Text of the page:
BUCKS County Council has submitted a £28 million proposal to the Government which would give High Wycombe a new secondary school and three or four new primary schools to replace outdated buildings, if approved in principle.

The bid, called the East Wycombe Community Schools Project, is currently in outline form only. It would be funded under the government's private finance initiative (PFI) and mean that a private contractor would build the schools and maintain them for the next 25 years.

It is the first major scheme of its kind for the county and the first bid for PFI money for the county's education system.

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If the government approves the outline plan, expected in the spring, the council will then start detailed design work, but it would be another year before a detailed design is done.

Bob Gibbard, the schools advisory officer for Wycombe, said: "It would be marvellous if the bid was successful."

Schools in east Wycombe needed it, he told the Free Press, adding that Bucks County Council could not afford such a major project.

Since 1997, 327 PFI contracts have been signed for new schools and school improvements in 490 schools. Schools minister Catherine Ashton said another £2 billion had been allocated to PFI projects yet to be signed.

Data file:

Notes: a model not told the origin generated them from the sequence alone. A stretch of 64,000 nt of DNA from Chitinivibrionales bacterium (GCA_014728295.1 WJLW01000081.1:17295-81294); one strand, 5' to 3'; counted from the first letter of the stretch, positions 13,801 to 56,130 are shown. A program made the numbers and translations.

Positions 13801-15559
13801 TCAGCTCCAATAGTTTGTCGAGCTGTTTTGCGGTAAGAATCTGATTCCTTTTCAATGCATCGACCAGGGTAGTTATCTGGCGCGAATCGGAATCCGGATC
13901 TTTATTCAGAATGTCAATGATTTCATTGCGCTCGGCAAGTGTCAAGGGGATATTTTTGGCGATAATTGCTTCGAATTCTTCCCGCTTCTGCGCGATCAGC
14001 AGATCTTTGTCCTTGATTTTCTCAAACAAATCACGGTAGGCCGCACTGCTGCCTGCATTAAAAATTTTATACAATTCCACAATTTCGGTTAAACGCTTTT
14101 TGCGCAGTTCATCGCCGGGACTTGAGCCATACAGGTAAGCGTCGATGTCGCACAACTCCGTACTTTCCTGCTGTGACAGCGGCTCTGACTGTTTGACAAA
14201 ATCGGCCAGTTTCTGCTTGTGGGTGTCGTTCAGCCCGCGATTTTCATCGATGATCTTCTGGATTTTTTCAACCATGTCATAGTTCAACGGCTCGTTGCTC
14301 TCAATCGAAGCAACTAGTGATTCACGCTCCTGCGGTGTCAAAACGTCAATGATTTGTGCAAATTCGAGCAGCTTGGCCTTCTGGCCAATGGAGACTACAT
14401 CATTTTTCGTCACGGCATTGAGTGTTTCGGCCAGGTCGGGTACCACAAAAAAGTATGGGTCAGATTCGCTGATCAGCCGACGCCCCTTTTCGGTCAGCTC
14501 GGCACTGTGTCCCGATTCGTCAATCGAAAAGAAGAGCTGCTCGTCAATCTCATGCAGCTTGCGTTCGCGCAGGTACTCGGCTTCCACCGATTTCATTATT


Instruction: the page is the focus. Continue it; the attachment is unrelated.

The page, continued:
Marion Clayton, county council cabinet member for schools, said something had to be done to restructure schools in east Wycombe.

The bid includes a brand new Highcrest Upper School building with an adult education centre and new combined schools, either on existing sites or new ones.

The idea started because of failing schools in the area and the fact that people were taking their children elsewhere. Most of the area's seven primary schools had falling rolls. They had space for more than 1,600 children, but last April had 1,136 pupils on roll.

The Wycombe Commission was set up by the county council to find some answers.

That resulted in the closure of Hatters Lane Upper School in August and its reopening in September as Highcrest, under the government's Fresh Start scheme with new buildings and extra money.

The commission recommended a new school building at Highcrest, creating four combined schools, all with nursery places and community facilities.

This meant closing Bowerdean Nursery and redistributing the 80 places there to other schools. Other proposals were to amalgamate Kings Wood Infants with Kings Wood Junior on the junior school site.

This is happening in September, but the PFI bid envisages a new school building.

Beechview Junior and Hannah Ball Infants could combine on the Beechview site or even move to part of the Highcrest site.

Marsh Infants would become a combined school, possibly on a new site, and Ash Hill Combined would remain a combined school.